With the November failure of a “supercommittee” to come up with spending cuts to trim the federal deficit, Congress now faces an across-the-board 10 % budget cut – or, they could return to the deficit-reduction plan outlined a year ago by retired Republican Sen. Alan Simpson and former Clinton aide Erskine Bowles, co-chairs of a presidential commission.
In 2010, the commission’s recommendations were largely ignored by both the White House and Republican and Democratic leaders in Congress.
Simpson was the Republican half of the bipartisan commission chair, along with Democrat Bowles, a Democrat from North Carolina who served as President Bill Clinton’s chief of staff and is now president of the University of North Carolina.
Bowles and Simpson sat down a year ago with Chronicle producer Geoff O’Gara, and described a plan for budget cuts that takes on almost every sacred cow in the federal spending. It drew fire from both left and right – and praise from commentators who want to see substance rather than rhetoric in the budget debate.
Of course, a Simpson interview offers plenty of rhetoric too – funny, irreverent, salty talk leavened with humor. And the relatively soft-spoken Bowles, who has become fast friends with his co-chair, loosens up in the conversation too, describing them as the “Sonny and Cher” of the budget debate. “He’s Cher,” added Bowles, pointing to Simpson.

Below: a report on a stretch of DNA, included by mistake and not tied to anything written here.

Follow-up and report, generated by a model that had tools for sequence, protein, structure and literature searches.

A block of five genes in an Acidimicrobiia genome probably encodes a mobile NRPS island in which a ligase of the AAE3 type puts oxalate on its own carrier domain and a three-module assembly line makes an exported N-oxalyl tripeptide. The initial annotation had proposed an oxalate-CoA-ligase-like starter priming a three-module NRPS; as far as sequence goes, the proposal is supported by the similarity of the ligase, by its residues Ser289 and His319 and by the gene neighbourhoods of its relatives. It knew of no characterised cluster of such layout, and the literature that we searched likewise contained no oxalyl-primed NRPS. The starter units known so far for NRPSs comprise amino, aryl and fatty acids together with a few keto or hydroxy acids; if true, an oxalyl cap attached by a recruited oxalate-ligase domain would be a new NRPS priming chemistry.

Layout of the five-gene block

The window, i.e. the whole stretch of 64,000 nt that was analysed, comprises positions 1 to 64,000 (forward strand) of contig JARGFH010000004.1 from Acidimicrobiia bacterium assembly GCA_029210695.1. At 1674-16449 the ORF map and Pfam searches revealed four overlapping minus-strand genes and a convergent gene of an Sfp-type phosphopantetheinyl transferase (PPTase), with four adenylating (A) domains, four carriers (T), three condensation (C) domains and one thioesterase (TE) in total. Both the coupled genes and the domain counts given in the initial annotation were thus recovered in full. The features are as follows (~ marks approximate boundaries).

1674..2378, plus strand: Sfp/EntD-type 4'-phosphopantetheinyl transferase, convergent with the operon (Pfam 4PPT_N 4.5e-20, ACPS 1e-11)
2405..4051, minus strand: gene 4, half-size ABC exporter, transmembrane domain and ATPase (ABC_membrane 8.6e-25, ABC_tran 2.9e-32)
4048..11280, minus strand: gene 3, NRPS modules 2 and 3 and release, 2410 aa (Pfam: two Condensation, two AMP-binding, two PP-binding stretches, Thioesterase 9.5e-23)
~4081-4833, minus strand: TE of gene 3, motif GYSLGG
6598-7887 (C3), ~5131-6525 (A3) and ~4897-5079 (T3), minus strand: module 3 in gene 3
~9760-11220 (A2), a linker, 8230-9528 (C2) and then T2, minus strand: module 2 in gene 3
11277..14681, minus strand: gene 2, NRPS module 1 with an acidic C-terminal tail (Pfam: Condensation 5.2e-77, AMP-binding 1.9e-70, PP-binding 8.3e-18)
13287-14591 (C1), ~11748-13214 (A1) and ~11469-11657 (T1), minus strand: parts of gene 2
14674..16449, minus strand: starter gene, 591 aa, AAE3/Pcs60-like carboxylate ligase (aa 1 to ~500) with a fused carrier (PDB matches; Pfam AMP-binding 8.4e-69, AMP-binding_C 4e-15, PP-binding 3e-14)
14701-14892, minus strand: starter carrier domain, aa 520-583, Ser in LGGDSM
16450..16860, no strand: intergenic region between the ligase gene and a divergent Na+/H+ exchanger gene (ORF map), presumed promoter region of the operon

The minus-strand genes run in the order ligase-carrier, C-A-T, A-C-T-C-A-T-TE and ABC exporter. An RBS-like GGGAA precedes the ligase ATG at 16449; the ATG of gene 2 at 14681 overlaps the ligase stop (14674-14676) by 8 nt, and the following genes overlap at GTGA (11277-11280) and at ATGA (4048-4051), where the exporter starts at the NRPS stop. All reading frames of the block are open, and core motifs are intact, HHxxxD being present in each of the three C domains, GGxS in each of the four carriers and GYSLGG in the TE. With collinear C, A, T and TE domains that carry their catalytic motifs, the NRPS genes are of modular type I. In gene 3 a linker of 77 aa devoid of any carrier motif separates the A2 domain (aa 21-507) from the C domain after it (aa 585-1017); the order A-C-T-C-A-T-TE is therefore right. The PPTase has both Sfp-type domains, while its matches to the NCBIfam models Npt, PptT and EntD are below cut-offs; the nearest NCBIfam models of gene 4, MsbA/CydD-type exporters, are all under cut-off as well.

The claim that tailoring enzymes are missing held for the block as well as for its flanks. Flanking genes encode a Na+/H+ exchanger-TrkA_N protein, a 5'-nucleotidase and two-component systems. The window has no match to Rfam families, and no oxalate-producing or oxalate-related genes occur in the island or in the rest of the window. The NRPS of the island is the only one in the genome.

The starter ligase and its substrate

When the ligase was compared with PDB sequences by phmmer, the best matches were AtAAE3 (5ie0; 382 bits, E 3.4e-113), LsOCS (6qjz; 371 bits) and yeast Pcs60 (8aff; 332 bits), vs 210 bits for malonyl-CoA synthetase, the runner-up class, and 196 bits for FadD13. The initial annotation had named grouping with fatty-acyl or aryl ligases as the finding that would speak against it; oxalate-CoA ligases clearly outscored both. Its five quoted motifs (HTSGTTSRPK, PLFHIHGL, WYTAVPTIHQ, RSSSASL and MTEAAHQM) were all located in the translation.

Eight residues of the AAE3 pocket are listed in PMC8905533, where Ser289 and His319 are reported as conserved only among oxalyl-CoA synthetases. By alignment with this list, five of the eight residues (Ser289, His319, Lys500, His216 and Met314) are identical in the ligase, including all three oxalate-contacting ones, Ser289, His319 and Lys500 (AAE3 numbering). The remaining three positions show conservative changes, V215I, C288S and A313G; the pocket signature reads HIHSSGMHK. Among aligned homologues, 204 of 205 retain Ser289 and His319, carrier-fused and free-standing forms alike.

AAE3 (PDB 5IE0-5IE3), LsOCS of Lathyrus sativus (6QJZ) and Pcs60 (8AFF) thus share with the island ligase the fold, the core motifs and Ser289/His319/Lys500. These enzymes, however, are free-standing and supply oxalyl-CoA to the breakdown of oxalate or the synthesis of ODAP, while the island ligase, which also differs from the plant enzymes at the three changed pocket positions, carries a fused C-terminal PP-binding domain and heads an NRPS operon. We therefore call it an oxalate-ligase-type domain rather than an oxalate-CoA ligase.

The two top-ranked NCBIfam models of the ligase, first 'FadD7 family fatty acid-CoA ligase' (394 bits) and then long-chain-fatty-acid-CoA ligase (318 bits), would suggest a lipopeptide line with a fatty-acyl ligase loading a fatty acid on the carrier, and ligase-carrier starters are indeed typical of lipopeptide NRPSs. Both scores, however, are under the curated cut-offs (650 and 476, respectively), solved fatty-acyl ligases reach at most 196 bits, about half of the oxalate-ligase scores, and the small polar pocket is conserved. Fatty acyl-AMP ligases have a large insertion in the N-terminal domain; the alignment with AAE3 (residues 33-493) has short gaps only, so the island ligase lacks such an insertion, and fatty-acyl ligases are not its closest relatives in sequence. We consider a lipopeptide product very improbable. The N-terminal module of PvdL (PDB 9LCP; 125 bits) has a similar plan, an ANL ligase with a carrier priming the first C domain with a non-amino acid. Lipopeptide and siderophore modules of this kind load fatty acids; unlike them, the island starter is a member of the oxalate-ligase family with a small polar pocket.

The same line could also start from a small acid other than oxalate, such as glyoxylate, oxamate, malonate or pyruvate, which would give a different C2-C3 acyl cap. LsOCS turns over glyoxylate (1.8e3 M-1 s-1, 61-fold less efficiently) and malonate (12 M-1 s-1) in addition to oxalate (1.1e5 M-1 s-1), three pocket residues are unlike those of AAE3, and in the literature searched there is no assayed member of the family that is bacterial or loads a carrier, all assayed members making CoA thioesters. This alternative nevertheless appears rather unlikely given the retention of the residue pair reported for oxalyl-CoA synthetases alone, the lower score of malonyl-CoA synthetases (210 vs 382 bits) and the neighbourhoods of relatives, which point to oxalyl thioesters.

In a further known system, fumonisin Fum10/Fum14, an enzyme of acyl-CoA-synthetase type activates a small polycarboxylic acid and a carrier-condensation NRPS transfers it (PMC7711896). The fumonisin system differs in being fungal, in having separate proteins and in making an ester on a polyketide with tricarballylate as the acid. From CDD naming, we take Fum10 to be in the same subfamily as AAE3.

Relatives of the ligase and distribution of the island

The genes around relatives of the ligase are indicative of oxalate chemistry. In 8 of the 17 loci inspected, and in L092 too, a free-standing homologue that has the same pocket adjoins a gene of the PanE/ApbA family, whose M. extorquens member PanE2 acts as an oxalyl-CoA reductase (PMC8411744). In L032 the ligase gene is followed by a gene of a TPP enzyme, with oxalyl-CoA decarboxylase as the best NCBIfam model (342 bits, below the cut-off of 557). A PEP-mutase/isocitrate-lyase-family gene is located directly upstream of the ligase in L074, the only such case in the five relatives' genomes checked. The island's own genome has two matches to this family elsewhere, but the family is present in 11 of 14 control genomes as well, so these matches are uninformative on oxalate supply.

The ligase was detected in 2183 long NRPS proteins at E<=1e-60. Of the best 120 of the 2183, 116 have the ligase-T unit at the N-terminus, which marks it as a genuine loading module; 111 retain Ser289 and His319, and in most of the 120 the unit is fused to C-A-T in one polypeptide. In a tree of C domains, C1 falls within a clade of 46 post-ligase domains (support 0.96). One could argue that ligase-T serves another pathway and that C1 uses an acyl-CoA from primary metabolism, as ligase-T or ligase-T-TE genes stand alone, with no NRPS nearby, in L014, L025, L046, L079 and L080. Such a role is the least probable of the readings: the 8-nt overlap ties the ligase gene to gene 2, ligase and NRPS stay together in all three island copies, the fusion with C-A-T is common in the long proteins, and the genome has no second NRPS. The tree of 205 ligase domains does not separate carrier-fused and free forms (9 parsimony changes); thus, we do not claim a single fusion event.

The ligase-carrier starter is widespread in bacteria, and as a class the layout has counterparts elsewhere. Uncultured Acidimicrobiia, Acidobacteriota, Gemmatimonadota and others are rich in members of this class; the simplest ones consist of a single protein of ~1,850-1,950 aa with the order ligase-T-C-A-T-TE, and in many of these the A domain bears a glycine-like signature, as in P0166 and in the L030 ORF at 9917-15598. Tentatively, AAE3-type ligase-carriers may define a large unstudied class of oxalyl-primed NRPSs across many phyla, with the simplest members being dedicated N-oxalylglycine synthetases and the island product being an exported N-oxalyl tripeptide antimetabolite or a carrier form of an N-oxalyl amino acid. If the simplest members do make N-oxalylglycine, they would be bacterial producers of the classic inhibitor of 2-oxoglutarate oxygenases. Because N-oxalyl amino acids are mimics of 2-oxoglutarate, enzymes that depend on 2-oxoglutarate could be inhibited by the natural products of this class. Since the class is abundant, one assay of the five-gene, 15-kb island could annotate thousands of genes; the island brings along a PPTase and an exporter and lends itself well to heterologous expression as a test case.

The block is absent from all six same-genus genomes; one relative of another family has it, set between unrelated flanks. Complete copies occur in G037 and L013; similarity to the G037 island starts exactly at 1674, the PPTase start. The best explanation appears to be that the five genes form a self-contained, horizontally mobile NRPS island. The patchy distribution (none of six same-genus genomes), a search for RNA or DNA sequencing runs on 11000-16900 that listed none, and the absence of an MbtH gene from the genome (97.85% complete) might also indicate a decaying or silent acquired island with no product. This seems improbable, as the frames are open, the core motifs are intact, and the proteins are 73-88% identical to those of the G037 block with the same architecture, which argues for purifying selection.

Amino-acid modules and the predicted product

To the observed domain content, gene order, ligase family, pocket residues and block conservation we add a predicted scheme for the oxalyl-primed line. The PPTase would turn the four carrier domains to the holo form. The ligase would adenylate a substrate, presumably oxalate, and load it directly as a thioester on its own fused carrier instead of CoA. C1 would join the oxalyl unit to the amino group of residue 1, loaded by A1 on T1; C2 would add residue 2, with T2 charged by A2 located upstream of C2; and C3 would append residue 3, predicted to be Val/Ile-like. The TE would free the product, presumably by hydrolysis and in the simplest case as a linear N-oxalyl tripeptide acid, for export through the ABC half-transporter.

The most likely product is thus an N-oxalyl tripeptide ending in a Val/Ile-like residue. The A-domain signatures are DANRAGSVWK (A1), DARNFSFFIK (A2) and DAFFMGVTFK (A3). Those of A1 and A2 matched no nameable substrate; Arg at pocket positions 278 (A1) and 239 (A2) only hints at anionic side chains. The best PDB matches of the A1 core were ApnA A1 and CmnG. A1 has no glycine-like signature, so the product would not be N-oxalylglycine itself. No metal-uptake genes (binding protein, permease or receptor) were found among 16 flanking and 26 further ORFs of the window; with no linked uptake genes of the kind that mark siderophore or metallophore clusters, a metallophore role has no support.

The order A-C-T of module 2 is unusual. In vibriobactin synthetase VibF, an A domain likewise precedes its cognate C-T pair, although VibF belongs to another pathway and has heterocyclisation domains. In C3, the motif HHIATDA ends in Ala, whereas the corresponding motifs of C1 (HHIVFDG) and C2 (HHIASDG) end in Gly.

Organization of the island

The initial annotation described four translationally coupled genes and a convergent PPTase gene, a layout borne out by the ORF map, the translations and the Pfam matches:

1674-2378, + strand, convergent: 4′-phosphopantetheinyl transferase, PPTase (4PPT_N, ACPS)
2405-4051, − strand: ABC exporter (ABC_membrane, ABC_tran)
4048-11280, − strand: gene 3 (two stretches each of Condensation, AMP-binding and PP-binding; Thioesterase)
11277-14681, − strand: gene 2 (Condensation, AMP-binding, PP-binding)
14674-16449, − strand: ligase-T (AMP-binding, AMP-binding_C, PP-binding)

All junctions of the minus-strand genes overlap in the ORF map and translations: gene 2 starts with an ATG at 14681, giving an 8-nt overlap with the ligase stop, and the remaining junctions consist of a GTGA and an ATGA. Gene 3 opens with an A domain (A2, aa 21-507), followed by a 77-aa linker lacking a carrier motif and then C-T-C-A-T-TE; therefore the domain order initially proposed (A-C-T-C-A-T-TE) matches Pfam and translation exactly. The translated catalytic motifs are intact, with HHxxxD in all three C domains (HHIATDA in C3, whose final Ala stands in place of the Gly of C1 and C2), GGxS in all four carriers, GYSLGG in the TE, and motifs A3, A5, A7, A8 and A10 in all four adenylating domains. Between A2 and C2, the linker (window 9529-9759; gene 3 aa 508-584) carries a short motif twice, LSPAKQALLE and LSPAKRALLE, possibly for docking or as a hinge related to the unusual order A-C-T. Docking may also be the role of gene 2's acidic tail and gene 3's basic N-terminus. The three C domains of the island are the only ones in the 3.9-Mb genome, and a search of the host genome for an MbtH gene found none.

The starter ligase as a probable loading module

The commission’s plan trimmed $3.8 trillion in federal spending over the next decade, primarily by modifying entitlement programs that politicians have been afraid to touch: Health Care and Social Security. The commission also proposed controls on Defense spending. And it laid out a plan that would radically change income and corporate taxes, lowering basic rates while closing loopholes like second home mortgage interest deductions and exemptions for business health care plans.
Simpson garnered headlines during the drafting of the report when he described Social Security as “a milk cow with 340 million teats” in a letter to an advocate for senior women, and suggested she get “a real job.” That had various people calling for the Wyoming Senator’s head. But while Simpson offered an apology, there was no resignation – and Simpson repeats the quotation in even richer language in his Chronicle interview.
Though they joke with each other and spar with O’Gara, the two are passionate about the gravity of the deficit problem. If the deficit isn’t brought under control, they say, the nation will be deeply indebted to countries like China, which want to replace it as a world power. They say the sacrifice and pain of deficit reduction must be spread throughout society, whether it’s raising the retirement age for Social Security benefits, or cutting the “tax expenditures” that include everything from charitable deductions to the current low capital gains tax.
At 80, Simpson shows no signs of slowing down. “I just keep going. I had a grandmother who lived to be 100.” Bowles is sure that he will be called upon again, by both Republicans and Democrats, to tackle the nation’s problems.
And clearly, they would enjoy working together. “Integrity, trust, humor, that’s where the two of us have hit the nerve that has disappeared in Washington in recent years,” said Simpson. “Unfortunately, we do look like a comedy team at times.”